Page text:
The well-connected lobbyist at the center of the Rivington House scandal is now being accused of quietly persuading the Department of Buildings to allow a Soho condominium to exceed local height limits.
Developer Lou Madigan filed a lawsuit claiming that James Capalino lobbied the DOB to approve 568 Broome Street, a luxury condo tower that would rise 287 feet — 100 feet taller than the city normally allows, the New York Post reported. Madigan claims that the project’s developer, Murat Agirnasli, paid Capalino more the $100,000 to launch “a lobbying campaign out of the public eye” for the project.
Madigan, who is developing a rental building next door to Agirnasli’s site, wants the DOB to throw out its approvals of the Broome Street project and to turn over records related to Capalino and the proposed condo tower. The lawsuit alleges that the DOB showed “flagrant disregard for the Zoning Resolution” when it approved Agirnasli’s project, which will block views of the Hudson River for Madigan’s building.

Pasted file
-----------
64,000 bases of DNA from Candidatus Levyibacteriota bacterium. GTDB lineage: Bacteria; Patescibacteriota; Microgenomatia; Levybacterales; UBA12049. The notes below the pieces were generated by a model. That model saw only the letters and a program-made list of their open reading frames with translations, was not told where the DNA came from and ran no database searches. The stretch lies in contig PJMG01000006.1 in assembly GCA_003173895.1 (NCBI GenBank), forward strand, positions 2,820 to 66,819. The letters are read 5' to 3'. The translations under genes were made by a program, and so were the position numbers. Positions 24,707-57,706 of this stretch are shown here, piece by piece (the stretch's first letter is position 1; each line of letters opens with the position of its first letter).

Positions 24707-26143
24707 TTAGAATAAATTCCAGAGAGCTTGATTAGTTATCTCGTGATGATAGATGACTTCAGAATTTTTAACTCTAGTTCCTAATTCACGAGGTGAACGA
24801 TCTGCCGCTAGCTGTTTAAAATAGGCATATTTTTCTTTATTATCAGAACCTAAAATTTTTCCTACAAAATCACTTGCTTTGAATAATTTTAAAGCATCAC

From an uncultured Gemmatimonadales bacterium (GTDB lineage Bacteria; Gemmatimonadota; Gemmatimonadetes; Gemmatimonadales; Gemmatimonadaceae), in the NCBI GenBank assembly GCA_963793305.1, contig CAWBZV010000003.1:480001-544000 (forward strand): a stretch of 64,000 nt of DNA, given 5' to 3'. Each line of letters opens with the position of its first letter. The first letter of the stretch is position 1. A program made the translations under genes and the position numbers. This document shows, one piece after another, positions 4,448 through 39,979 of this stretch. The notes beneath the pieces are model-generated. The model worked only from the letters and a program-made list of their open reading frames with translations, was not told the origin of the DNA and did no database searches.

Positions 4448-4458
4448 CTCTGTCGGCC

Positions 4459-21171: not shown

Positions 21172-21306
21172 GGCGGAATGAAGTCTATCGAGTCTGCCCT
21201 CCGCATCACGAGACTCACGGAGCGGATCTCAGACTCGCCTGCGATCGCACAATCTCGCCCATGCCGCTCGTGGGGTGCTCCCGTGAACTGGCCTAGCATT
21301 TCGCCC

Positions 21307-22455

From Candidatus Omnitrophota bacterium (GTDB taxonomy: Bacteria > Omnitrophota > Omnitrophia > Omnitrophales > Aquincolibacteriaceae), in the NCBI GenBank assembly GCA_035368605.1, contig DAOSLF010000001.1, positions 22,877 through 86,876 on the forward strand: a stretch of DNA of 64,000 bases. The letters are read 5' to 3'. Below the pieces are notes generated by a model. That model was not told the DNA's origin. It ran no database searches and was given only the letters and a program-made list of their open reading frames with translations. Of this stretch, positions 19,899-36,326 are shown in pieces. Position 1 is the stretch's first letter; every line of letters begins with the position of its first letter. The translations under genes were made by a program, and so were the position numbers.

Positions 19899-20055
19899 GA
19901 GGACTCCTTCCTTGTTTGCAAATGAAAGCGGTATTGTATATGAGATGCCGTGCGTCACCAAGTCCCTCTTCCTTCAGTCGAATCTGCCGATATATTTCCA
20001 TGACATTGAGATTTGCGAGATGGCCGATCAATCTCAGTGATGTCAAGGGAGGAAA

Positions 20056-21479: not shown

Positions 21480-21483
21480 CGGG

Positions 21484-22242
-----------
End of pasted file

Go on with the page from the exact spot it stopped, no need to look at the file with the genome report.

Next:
“Not only did the DOB issue a lawful determination, but it subsequently concurred with that initial approval in a review,” a spokesperson for Capalino said in a statement. “It’s awfully hard to take this charge of illegality seriously, and hard to comprehend bizarre claims of secrecy regarding a publicly filed engagement.”
In August, Mayor Bill de Blasio announced that he was cutting ties with Capalino, his onetime friend and campaign bundler, amid several investigations into his administration. Capalino represented Village Care, the nonprofit that owned the Rivington House, and unsuccessfully lobbied to have a deed restriction on the nursing home removed. Village Care ultimately sold the property to the Allure Group, which successfully got the deed restriction removed.